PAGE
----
|Publication number||US5473077 A|
|Application number||US 08/337,801|
|Publication date||Dec 5, 1995|
|Filing date||Nov 14, 1994|
|Priority date||Nov 14, 1994|
|Also published as||CA2204767A1, DE69517286D1, DE69517286T2, EP0711755A1, EP0711755B1, WO1996015108A1|
|Publication number||08337801, 337801, US 5473077 A, US 5473077A, US-A-5473077, US5473077 A, US5473077A|
|Inventors||James A. Monn, Darryle D. Schoepp, Matthew J. Valli|
|Original Assignee||Eli Lilly And Company|
|Export Citation||BiBTeX, EndNote, RefMan|
|Referenced by (49), Classifications (15), Legal Events (8)|
|External Links: USPTO, USPTO Assignment, Espacenet|
In the mammalian central nervous system (CNS), the transmission of nerve impulses is controlled by the interaction between a neurotransmitter, that is released by a sending neuron, and a surface receptor on a receiving neuron, which causes excitation of this receiving neuron. L-Glutamate, which is the most abundant neurotransmitter in the CNS, mediates the major excitatory pathway in mammals, and is referred to as an excitatory amino acid (EAA). The receptors that respond to glutamate are called excitatory amino acid receptors (EAA receptors). See Watkins & Evans, Annual Reviews in Pharmacology and Toxicology, 21:165 (1981); Monaghan, Bridges, and Cotman, Annual Reviews in Pharmacology and Toxicology, 29:365 (1989); Watkins, Krogsgaard-Larsen, and Honore, Transactions in Pharmaceutical Science, 11:25 (1990). The excitatory amino acids are of great physiological importance, playing a role in a variety of physiological processes, such as long-term potentiation (learning and memory), the development of synaptic plasticity, motor control, respiration, cardiovascular regulation, and sensory perception.
Excitatory amino acid receptors are classified into two general types. Receptors that are directly coupled to the opening of cation channels in the cell membrane of the neurons are termed "ionotropic." This type of receptor has been subdivided into at least three subtypes, which are defined by the depolarizing actions of the selective agonists N-methyl-D-aspartate (NMDA), α-amino-3-hydroxy-5-methylisoxazole-4-propionic acid (AMPA), and kainic acid (KA).
The second general type of receptor is the G-protein or second messenger-linked "metabotropic" excitatory amino acid receptor. This second type is coupled to multiple second messenger systems that lead to enhanced phosphoinositide hydrolysis, activation of phospholipase D, increases or decreases in cAMP formation, and changes in ion channel function. Schoepp and Conn, Trends in Pharmacological Science, 14:13 (1993). Both types of receptors appear not only to mediate normal synaptic transmission along excitatory pathways, but also participate in the modification of synaptic connections during development and throughout life. Schoepp, Bockaert, and Sladeczek, Trends in Pharmacological Science, 11:508 (1990); McDonald and Johnson, Brain Research Reviews, 15:41 (1990).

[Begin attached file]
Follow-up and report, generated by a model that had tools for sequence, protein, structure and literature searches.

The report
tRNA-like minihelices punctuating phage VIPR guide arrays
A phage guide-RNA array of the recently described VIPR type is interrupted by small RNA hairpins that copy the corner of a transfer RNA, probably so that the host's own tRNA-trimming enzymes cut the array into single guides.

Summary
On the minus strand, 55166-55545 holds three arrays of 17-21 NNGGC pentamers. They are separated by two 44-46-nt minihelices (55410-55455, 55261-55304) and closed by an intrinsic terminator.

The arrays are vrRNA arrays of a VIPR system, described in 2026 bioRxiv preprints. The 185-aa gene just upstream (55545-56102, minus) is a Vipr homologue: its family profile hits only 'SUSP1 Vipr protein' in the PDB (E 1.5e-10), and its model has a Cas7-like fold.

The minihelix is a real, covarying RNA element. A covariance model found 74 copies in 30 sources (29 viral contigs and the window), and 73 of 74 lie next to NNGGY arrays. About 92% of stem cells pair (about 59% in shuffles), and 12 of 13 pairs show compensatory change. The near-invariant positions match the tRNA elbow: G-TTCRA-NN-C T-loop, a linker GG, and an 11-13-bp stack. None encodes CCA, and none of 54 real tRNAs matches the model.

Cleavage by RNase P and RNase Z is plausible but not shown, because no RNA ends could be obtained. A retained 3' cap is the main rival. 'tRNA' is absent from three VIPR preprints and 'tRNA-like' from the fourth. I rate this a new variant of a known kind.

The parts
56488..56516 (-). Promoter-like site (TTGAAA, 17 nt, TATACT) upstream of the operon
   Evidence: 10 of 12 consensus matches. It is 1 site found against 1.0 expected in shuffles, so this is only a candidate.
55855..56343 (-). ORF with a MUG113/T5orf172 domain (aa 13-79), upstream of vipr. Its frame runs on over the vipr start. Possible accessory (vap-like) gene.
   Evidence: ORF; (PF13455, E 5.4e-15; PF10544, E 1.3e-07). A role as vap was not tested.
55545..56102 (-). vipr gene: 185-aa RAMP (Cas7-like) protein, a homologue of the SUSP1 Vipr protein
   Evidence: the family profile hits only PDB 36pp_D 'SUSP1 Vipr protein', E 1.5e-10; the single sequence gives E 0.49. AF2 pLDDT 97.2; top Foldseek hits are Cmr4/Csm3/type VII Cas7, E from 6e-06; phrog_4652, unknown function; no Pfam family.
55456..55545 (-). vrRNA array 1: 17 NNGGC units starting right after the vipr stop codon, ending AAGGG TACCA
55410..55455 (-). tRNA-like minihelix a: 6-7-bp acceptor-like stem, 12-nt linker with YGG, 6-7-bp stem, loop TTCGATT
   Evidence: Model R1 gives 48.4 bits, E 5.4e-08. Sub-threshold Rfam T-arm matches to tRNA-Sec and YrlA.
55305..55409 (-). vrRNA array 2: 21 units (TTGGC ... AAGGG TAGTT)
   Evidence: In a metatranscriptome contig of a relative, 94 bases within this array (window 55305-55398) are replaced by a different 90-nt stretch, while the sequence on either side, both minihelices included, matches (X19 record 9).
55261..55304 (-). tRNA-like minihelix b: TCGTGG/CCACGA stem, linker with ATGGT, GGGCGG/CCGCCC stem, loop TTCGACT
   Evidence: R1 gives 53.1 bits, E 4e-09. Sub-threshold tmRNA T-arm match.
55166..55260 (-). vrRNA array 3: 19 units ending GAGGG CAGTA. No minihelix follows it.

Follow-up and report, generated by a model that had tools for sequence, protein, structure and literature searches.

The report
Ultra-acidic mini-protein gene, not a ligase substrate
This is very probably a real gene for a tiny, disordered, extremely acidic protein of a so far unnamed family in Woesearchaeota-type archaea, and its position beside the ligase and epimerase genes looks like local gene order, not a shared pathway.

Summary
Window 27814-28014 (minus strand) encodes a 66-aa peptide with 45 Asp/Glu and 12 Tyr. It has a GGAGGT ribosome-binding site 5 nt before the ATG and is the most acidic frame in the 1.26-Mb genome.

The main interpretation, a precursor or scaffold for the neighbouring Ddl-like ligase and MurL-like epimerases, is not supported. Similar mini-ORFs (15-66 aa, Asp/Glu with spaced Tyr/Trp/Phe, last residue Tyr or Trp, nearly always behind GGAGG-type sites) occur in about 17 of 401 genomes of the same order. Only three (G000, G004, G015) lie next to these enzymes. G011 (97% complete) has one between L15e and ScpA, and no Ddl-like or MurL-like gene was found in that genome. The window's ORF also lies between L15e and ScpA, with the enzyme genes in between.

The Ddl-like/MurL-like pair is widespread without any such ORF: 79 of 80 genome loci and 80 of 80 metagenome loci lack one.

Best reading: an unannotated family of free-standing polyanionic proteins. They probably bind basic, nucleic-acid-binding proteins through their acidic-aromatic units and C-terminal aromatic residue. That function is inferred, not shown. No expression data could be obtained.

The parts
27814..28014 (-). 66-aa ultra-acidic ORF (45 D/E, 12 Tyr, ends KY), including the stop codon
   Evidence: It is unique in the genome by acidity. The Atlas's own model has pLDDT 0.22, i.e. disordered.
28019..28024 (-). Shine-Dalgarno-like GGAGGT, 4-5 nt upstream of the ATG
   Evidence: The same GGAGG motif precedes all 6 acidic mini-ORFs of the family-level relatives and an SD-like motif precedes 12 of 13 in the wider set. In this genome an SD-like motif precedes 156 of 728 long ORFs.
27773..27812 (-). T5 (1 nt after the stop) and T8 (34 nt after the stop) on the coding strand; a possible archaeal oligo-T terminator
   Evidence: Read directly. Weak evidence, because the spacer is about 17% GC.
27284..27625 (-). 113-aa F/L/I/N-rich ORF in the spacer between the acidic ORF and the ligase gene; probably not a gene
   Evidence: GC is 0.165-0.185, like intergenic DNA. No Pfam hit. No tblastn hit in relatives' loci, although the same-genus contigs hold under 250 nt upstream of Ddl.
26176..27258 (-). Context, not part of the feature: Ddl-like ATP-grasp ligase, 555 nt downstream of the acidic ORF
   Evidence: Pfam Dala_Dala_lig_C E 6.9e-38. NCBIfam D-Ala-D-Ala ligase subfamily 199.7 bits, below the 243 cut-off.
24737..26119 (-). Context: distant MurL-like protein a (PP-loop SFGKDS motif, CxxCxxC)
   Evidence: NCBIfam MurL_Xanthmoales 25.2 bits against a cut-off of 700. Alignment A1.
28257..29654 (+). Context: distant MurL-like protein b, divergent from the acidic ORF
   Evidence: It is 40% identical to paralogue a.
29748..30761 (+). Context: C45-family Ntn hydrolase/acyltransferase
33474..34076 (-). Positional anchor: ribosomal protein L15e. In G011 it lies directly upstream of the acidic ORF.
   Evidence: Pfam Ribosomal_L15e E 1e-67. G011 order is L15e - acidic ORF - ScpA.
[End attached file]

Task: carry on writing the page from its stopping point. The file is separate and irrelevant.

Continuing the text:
The excessive or inappropriate stimulation of excitatory amino acid receptors leads to neuronal cell damage or loss by way of a mechanism known as excitotoxicity. This process has been suggested to mediate neuronal degeneration in a variety of conditions. The medical consequences of such neuronal degeneration makes the abatement of these degenerative neurological processes an important therapeutic goal.
The metabotropic glutamate receptors are a highly heterogeneous family of glutamate receptors that are linked to multiple second-messenger pathways. These receptors function to modulate the presynaptic release of glutamate, and the postsynaptic sensitivity of the neuronal cell to glutamate excitation. Agonists and antagonists of these receptors are believed useful for the treatment of acute and chronic neurodegenerative conditions, and as antipsychotic, anticonvulsant, analgesic, anxiolytic, antidepressant, and anti-emetic agents.
It is believed that the administration of antagonist compounds, which inhibit the activation of neural receptors, will aid in treating many of the above conditions. Particularly in cases where excitotoxicity mediates the condition, use of an antagonist compound may slow or even halt the process of neuronal cell death.
Antagonists and agonists of neural receptors are classified as selective for a particular receptor or receptor subtype, or as non-selective. Antagonists may also be classified as competitive or non-competitive. While competitive and non-competitive antagonists act on the receptors in a different manner to produce similar results, selectivity is based upon the observations that some antagonists exhibit high levels of activity at a single receptor type, and little or no activity at other receptors. In the case of receptor-specific diseases and conditions, the selective antagonists are of the most value.
A well-known selective agonist of metabotropic receptors is (1S,3R)-3-aminocyclopentane-1,3-dicarboxylic acid [(1S,3R) ACPD]. Other neurotransmitters include L-glutamate, the most abundant in situ neurotransmitter, which stimulates both the ionotropic and metabotropic classes of receptor.